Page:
Wednesday, June 20, 2012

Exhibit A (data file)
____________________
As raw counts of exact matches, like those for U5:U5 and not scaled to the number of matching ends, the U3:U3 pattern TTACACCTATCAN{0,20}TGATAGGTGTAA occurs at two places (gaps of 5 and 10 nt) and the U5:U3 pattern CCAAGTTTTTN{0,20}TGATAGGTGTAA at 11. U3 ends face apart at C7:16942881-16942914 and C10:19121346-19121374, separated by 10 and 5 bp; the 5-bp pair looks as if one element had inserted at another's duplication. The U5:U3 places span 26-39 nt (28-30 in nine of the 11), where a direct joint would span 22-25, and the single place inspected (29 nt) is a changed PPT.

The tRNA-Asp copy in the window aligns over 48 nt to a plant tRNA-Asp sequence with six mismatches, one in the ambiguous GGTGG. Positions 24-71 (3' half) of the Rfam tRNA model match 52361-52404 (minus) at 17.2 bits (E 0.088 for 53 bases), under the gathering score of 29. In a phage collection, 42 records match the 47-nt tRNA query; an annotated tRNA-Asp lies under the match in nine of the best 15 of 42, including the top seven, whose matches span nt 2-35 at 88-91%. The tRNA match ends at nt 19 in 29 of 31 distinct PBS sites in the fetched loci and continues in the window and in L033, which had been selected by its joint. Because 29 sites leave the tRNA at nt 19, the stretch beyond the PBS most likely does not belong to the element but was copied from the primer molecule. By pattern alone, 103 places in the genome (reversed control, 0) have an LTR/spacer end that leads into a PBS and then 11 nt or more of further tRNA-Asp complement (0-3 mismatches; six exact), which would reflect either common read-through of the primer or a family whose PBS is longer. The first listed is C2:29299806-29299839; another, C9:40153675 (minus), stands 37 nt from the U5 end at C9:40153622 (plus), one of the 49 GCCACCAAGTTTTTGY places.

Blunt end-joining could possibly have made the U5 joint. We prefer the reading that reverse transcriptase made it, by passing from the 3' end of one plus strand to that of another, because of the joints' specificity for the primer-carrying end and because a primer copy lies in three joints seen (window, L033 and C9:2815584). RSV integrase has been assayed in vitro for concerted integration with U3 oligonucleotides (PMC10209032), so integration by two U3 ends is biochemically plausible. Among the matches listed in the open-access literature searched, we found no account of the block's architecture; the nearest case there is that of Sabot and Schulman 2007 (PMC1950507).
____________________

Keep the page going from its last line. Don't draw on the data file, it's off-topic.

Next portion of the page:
I typed this up May 20th to describe the events of my day. Sometimes I forget how different my daily activities are compared to what I would do in the U.S. As has happened often these days, there was no running water when I woke up at 7 this morning. To get a hot shower, I would have needed to get up an hour earlier, and taking a warm bucket bath wasn’t enough hardship for me to sacrifice some precious weekend shut-eye. I spent a few minutes reading through Romans while my kettle heated my bathwater, then got ready for the day, dressing carefully in a new brightly patterned top and skirt, tying a magenta headscarf over my braided hair. Breakfast was a fried egg on a wheat roll with black coffee. Just as I finished my preparations, my colleague and upstairs neighbor Ellen knocked on my door. I slipped on my shoes and we struck out for church, meeting up with another colleague. After twenty minutes of brisk walking on dirt, gravel, and paved roads, we arrived a few minutes late for the nine am service. We easily found seats on the woods benches, with Cameroonians in front and behind us, singing and dancing to God. It only took a minute to find the rhythm so I could clap and dance along; the words were a bit harder. A hundred voices with percussion have an incredible sound, but it can obscure the individual syllables, especially when we sing in Cameroonian Pidgin or in French. After several upbeat praise songs, the worship leader paused and moved into a slower chorus, still in French. We sang one of my favorites, “You are the Most High,” in both English and French. The service continued with announcements, Scripture reading, pastoral prayer, and the sermon. Ellen, Kristi, and I hung around after church to greet some people, including two women, Mercy and Patience, who have been partners in the children’s ministry for the last year. Patience greeted me warmly and asked if I’d like some boiled corn, recently picked from the farm of another sister at the church. I accepted, biting the fresh kernels off the cob on the hot, sunny walk home. Arriving, I unlocked my door, exhaling with relief as I stepped into my cool, tiled apartment. After a change of clothes, a frozen mango smoothie, and a few minutes with a Spanish Kindle book, I felt cool enough to make some pasta for lunch. I hate eating alone, so I grabbed my bowl and starting wandering through my apartment building, stopping at the door of a nurse-in-French-study named Lynette. She offered me a glass of water and some deep conversation about culture and identity to accompany my meal. After an hour-long chat, I finally made myself go wash dishes in preparation for my visitors, the children of a friend from church. I had asked them to come “around 3,” so I wasn’t too panicked that I was starting to wash dishes at 2:55. As expected, they arrived at quarter to four, when I had finished the dishes and was halfway through cooking a pot of rice with beef and herbs for my guests. Emmanuel, who is about 8 years old, slipped off his shoes and walked right past me, so I turned to him in joking offense to say “You’re not going to greet me?” His sister Jennie, who is 12, responded by giving me one hug, then another to make up for Emmanuel’s forgetfulness, which was followed by a warm hug by Marvelous, age 6, and another from penitent Emmanuel. They plopped into chairs and I brought out cold water and peanuts for a quick snack. Today was special because I had a movie for them; my dad purchased “An American Tail” for me while I was in Michigan, and I’ve been wanting to watch it with some Cameroonian friends for a few months now. The two older children locked into the plot almost immediately; when Fievel fell overboard, Emmanuel wrinkled his brow in concern and cried plaintively “What’s going to happen?” They were content that Fievel found his family by the end, and then asked to watch it in French, then in Spanish, so I played clips in both languages. I served up rice while they watched, hoping to fill them up for a little while to give their mother a reprieve from the appetites of growing children. After the movie, Marvelous insisted that we go swing at the apartment complex next door, and as I was putting on my shoes, Emmanuel looked up at my with big, earnest eyes and said “Please for plastic,” which in Cameroonian English means “Please, can I have a plastic bag?” I asked why he needed them, and he replied that he wanted to look for snails. My compound is home to several dozen snails the width of my hand, and a girl that’s staying with Emmanuel’s family knows how to wash and cook them. They always want to search the damp drainage ditches near my apartment for this extra protein, especially now that money is tight. A half dozen snails fell prey to the hunt and were carried off to the swingset in the plastic bag. Seated on a swing, Marvelous called out for me to push her, so I did, with her urging me on “No, powerful!” As the day waned, I remembered that I can’t drive here and it’s hard to get taxis on Sunday evenings. I asked the children to follow me out to the road so I could make sure they got home before dark. While we were waiting for a taxi to come, the clouds darkened and a few cool drops fell, a foreboding sign in a land of tropical rains. The first few taxis refused them and the drops came faster, reminding me that my braided hair isn’t supposed to get wet. Soon a taxi picked up the children and I bolted across the street and up the road to my apartment, clamping my teeth down on flying grit. I brushed the sand off my face, amused, and served myself some leftover rice for dinner. After eating, it was nearly time to Skype with my mom and then my sister, receiving news from home to end the day, satisfied.